The value percent settled is determined by placing a weighed amount of slurry in a first weighed jar for a period of 20 days. This jar is then inverted for a 10-second period over a a second weighed jar. The first jar is then reweighed to determine the amount of cake adhering to it. The surry in the second jar is then returned to the first jar and the second jar is reweighed to determine the amount of material lost in the test. The values reported are determined following the equation Percent settled= weight of cakecorrection for lost materialX 100 weight of slurry The rolled value is obtained upon a sample rolled for 10 minutes at 100 r.p.m. prior to the settling evaluation. The not rolled value is obtained without the prior rolling treatment.

The following examples are cited to illustrate the invention. They are not intended to limit it in any manner. In each of the examples, except as noted, anatase TiO prepared by hydrolysis of a titanium sulfate solution, followed by washing of the hydrolysate and calcination of about 900 C. in a continuous calciner is treated with triethanolamine by dripping a triethanolamine-water solution onto the calcined pigment and the treated pigment is then ground in a fluid energy type mill. Sufiicient triethanolamine-water solution is added so that 0.17%, based on the weight of the pigment of triethanolamine is absorbed on the surface of the pigment particles. Micronizing the triethanolamine treated pigment disperses the triethanolamine throughout the pigment. Thereafter suflicient of the treated pigment is added, with agitation, to water containing the polysaccharide anti-settling agent to provide a slurry containing by weight TiO After the addition of the pigment is complete, the slurry is agitated for 30 minutes to insure good dispersion of the pigment and antisettling agent in the water. A series of slurries is prepared containing diiferent anti-settling agents at the concentrations indicated in Table I.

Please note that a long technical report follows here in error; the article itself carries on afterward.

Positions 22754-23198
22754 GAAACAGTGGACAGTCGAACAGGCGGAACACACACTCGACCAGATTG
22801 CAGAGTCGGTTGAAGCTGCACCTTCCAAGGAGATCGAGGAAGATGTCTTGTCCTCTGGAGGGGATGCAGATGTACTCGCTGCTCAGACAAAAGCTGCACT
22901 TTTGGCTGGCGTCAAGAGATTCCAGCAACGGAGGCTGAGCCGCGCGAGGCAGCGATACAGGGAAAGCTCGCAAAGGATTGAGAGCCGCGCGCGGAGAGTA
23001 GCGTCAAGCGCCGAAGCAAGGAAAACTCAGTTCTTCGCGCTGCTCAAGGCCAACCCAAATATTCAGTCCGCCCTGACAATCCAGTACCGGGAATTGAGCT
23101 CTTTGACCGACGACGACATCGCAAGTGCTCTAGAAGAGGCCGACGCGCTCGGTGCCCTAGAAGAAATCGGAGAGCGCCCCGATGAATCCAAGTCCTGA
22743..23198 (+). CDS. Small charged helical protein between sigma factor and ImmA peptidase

1 By weight based on the weight of the treated Ti02. 2 Sodium carboxymethyl cellulose.

3 A polysaccharide gum sold by the Kelco Co. of Clark, NJ.

solids, aqueous slurry of Ti0 pigment of the present invention contains (1) from about 60% to about by weight of dry-finished anatase pigment bearing from about 0.05% to about 1% by weight, based on the weight of The examples in Table II illustrate the critical nature of the amine dispersing agent in providing suitable flow characteristics to the compositions of the present invention, a rating approaching zero indicating a low viscosity.

TABLE II Anti-settling Percent anti- Percent Hercules Example agent settling agent TE A Rhnogi'am When wet ground TiO anatase pigment or rutile TiO pigment is substituted for the dry-ground anatase used in the compositions of the present invention described above, a viscous, unpumpable product, often in gelled form, results.

MODIFICATIONS AND EQUIVALENTS Pigmentary Ti0 suitable for use in this invention is dry-milled and of the anatase form produced by the well known sulfate process for the production of TiO The type of dry milling used is not important. A common dry milling method is by a fluid energy type mill or micronizer. Other dry milling methods, such as milling With a ring roll mill can be used.